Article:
Kfm, with its bilingual Afrikaans/English format and adult contemporary programming has a steadily increasing listenership currently sitting at 1.15 million (Amps 2003b). The demographic split of the station is the most representative in the region, with roughly 58% coloured, 33% white and 8% black. By attracting a predominantly upper LSM audience, Kfm earned a whopping R129,723,505 (AIS/Adex:2003) last year and has recently been acquired from New Africa Investments Limited (Nail) by Primedia, owners of 94.7 Highveld Stereo, 702 and Cape Talk. Dan Moyane, executive chairman of broadcasting at Primedia, explains: ”Radio has been sitting stable at about 14 to 15% of the share of the total media spend in South Africa, so the slice of radio in the cake is still the same. As a company we had to get another asset into the business. We wanted another FM station and then Kfm became available. Kfm has been doing very well, it’s an attractive asset. But most importantly, it has huge potential for growth.”

Good Hope FM is second in the Western Cape with a predominantly coloured audience of 588,000 (Amps 2003b), but the difference is that it’s youth focussed. The other coastal radio stations are strictly adult contemporary in terms of programming. GHFM has distinguished itself with a young vibe and a strong commitment to fresh local music and youth genres like house and hip hop. But it will need to break more ground with both black and white listenership if it is to adequately represent the youth of the Western Cape, and rake in the advertising titos.

On the subject of titos, P4 is an interesting example in both Durban and Cape Town because, although they are the fastest growing radio stations in the country in terms of listenership, the revenue is not yet following suit. In one Rams diary they have increased their listenership in both Durban and Cape Town by over 100,000 listeners each (to 468,000 in Cape Town and 509,000 in Durbs) (Rams 2003b). With a coloured listening majority in Cape Town, 83% of P4’s listenership, the programming is urban adult contemporary jazz and mainly focuses on pop, vocal jazz and R&B aiming at 25+ urbanites.

”We attract our audience through our product, which is the music, and that is augmented by the on air personalities we have,” says Selwyn Bartlett, programme manager for P4, Cape Town. A significant feature of P4’s new success is their local music count, ‘cos traditional wisdom has it that home grown content is not supposed to be a crowd puller. ”The new quota is 25%, we said we’d play 30% but we’re actually well beyond that. We play between 40 and 45% local music.”

In Durban the formatting of P4 is very different, as is the demographic. P4 Durban attracts 93% black listenership and the programming is more akin to Kaya FM in Jozi than the sister P4. ”P4 99.5fm programming is geared to the lifestyle of listeners, with a range of music genres from jazz to R&B, soul and lots of local African contemporary music, which falls within our adult contemporary jazz format,” says Toni Kleinsmith, P4’s national sales and marketing manager.

So in both regions the revenue should come soon, and with regulator Icasa’s recent relaxation of ownership rules the P4s look to be one of the best buys in the market. The question is how long they’ll stay relatively cheap.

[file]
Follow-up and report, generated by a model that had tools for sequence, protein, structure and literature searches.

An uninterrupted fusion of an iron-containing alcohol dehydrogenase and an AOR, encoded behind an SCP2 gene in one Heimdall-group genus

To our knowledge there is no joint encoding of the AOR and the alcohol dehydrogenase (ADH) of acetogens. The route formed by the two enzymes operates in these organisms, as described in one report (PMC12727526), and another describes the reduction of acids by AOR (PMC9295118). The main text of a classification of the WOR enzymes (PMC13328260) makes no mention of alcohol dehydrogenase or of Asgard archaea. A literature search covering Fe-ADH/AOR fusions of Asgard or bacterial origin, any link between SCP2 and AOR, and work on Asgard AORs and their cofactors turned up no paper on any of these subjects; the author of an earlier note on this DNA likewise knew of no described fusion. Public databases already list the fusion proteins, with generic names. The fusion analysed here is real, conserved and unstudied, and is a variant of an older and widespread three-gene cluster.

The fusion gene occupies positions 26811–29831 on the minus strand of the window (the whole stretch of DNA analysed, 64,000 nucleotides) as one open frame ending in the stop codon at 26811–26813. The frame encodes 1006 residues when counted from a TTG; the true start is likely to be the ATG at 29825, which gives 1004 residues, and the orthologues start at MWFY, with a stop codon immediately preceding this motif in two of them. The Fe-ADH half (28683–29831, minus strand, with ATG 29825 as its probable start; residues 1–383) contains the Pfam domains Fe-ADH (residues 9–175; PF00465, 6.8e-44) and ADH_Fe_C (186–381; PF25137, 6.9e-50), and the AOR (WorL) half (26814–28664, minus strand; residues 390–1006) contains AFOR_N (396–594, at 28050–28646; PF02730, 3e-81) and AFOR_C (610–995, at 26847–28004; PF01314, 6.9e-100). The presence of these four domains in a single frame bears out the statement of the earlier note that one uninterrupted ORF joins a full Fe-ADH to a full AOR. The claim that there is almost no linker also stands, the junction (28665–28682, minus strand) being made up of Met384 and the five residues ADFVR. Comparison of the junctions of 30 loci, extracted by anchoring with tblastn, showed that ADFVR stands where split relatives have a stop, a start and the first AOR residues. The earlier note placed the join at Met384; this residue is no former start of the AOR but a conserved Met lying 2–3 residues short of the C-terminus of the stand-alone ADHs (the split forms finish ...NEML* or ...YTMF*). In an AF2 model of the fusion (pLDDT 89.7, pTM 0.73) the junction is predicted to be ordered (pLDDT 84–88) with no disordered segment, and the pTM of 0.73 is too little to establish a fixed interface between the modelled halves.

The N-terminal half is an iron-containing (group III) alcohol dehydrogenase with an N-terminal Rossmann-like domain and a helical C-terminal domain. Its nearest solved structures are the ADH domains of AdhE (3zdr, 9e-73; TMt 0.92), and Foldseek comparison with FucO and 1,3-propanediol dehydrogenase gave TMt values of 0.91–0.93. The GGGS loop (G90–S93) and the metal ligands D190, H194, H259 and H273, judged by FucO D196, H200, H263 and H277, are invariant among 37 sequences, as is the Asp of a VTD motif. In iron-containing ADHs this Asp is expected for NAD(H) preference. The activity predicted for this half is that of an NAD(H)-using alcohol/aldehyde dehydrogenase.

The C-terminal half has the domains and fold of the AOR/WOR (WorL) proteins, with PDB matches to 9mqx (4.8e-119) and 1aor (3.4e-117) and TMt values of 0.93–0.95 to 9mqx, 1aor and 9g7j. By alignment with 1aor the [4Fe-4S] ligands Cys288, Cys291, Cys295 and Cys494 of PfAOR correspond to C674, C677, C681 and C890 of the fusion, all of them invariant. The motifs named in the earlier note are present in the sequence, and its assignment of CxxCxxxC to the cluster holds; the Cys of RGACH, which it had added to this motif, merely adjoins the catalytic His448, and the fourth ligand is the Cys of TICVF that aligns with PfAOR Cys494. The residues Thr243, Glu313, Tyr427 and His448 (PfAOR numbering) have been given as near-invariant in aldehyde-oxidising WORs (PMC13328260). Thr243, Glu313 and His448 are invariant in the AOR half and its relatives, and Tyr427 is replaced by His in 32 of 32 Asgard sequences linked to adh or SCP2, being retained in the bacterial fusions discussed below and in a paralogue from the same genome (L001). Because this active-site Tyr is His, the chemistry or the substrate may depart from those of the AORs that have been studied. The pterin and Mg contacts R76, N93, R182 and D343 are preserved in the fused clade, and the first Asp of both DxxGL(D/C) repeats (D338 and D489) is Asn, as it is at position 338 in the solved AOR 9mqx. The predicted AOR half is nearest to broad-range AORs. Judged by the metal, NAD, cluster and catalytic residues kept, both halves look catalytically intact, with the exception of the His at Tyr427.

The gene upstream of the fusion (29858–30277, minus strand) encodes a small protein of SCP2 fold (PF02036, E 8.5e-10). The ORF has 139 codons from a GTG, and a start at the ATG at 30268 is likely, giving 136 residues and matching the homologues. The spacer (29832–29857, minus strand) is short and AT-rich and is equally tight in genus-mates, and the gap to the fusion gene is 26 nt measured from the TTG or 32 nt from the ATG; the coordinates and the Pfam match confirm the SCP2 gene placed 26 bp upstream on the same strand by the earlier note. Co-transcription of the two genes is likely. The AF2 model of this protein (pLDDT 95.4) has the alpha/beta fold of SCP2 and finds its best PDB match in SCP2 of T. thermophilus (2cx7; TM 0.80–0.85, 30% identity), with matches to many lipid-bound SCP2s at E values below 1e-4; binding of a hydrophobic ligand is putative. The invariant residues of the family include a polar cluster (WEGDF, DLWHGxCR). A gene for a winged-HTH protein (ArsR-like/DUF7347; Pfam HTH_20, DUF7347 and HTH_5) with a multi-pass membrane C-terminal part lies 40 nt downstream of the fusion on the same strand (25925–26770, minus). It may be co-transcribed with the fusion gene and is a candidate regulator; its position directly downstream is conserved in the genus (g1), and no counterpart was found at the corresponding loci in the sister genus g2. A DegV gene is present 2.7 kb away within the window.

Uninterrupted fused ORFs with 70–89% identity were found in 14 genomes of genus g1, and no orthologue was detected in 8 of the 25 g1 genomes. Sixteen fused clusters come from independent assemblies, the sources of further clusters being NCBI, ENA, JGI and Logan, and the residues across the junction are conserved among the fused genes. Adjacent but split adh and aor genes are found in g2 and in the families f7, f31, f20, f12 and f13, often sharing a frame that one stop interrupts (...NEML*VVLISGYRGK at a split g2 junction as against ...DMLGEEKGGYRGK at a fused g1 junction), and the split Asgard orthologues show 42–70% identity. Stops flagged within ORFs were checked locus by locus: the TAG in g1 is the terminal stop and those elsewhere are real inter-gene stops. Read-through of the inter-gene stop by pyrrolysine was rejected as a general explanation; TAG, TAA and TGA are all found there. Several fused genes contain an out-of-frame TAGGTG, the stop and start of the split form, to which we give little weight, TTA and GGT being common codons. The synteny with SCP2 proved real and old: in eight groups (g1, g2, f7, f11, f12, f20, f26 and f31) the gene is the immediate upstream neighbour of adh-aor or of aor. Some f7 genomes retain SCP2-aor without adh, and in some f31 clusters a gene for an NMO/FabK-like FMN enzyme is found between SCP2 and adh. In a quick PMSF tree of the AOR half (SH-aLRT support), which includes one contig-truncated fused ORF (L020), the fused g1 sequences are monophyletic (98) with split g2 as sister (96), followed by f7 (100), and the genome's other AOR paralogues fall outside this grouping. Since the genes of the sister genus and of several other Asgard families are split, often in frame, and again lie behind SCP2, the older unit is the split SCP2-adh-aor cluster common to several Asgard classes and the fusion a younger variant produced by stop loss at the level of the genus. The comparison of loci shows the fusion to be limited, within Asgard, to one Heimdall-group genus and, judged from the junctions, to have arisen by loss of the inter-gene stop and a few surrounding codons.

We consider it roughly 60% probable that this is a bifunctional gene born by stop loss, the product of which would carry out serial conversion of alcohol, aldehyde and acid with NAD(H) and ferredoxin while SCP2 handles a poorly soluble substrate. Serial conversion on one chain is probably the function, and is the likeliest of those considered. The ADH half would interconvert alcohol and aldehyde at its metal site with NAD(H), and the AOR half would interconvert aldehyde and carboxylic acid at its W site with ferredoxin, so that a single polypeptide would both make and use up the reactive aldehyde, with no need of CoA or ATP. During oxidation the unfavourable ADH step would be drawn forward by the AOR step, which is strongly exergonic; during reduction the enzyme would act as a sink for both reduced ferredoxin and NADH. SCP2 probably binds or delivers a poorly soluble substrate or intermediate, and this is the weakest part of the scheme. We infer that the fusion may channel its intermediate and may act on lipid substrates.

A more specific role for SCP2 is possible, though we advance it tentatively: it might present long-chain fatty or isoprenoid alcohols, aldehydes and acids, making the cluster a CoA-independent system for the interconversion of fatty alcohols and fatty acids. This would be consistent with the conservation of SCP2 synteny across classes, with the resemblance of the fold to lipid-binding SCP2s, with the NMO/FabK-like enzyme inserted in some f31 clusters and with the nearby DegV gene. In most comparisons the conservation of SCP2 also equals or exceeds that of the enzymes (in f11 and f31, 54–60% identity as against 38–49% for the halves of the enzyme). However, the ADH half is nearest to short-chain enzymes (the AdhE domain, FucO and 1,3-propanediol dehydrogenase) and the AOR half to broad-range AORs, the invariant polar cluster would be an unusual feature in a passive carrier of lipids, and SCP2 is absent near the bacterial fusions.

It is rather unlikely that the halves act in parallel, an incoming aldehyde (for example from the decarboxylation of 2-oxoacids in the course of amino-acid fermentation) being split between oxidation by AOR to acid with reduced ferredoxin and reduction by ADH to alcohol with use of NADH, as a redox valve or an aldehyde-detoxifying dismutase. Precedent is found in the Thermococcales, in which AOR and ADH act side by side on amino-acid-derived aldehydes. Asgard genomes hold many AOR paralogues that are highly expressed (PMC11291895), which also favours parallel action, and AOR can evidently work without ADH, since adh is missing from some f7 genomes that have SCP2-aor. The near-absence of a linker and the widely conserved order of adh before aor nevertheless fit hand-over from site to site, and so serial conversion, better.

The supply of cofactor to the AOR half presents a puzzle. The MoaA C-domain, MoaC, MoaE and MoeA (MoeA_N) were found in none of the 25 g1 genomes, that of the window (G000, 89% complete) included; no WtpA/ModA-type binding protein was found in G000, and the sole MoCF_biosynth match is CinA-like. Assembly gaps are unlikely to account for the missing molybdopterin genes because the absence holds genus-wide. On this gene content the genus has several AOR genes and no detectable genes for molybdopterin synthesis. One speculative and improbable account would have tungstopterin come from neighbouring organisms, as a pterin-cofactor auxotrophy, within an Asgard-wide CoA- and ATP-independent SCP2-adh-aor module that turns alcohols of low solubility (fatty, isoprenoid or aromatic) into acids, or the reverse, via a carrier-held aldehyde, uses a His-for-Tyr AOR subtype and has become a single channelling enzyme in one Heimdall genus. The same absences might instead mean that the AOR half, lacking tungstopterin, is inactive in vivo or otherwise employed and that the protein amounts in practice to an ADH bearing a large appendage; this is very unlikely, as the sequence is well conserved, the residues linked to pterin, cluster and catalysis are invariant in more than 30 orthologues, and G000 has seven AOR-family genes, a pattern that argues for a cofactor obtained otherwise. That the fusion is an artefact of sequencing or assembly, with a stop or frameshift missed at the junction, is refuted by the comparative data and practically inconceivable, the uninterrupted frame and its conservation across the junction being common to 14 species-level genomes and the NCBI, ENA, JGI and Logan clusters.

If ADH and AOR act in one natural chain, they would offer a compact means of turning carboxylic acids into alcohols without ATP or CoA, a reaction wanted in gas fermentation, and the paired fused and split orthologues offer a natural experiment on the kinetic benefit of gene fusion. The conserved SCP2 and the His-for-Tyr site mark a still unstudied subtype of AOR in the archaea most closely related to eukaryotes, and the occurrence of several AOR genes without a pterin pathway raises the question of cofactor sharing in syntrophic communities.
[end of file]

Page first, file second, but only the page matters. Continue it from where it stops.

The Eastern Cape is dominated by one station, Port Elizabeth-based Algoa FM. Algoa does a transmit split and puts out a special regionally focussed broadcast to the East London area, under the BRFM banner. With its listenership pegged at 479,000 (Rams 2003b), Algoa has focussed on unique ways of attracting advertising spend that tends to flow to the national commercial stations.

”We’ve got a new concept, the Algoa FM hit mobile which is really just mobile discos done up in station colours,” explains station manager Dave Tiltman, ”but has the flexibility to go into any store at any time and do three hour gigs, with live crossings on air. So it’s been a wonderful way to tap into new markets and it has played a huge roll in getting clients who were previously not on radio, excited about it. Because they can see the results coming through the door. It’s been our secret weapon.”

The station has also embarked on an aggressive approach to attract new markets through diversification and integrating their listenership.

”If you look back six, seven years ago when we were part of the SABC, it was a very much white dominated audience with a third of the listeners being coloured. Now if you look at the percentages, of the 479,000 listeners that we have, black and coloured listenership amounts to 280,000, whereas our white audience makes up 195,000.”

Considering the success of privately owned coastal radio stations, it would be interesting to see the regulator Icasa spread the ball more widely with more diverse formatting licences. Aside from Good Hope FM’s youth orientation, all other coastal radio players are locked into the relatively safe niche of adult contemporary, churning out stock pop options of Celine Dion, Brian Adams, Janet Jackson, Justin Timberlake, Juluka and Mango Groove, which drives the stations straight into the heart of the 25+, suburban, upper LSMs. While they make for good businesses, they don’t always translate into entertaining, groundbreaking radio. What about passing the ball wide and putting youth and niche formatted stations to the test?

Ownership Breakdown

Algoa FM — 95% African Media Entertainment (AME), 5% Algoa Staff

East Coast Radio — 100% Kagiso Media

Kfm — Recently acquired by Primedia from New Africa Investments Limited, awaiting final ratification from Icasa

P4 104.9 & P4 99.5 — 80% Makana Investments, 20% P4 International

Good Hope FM — SABC

Lotus FM — SABC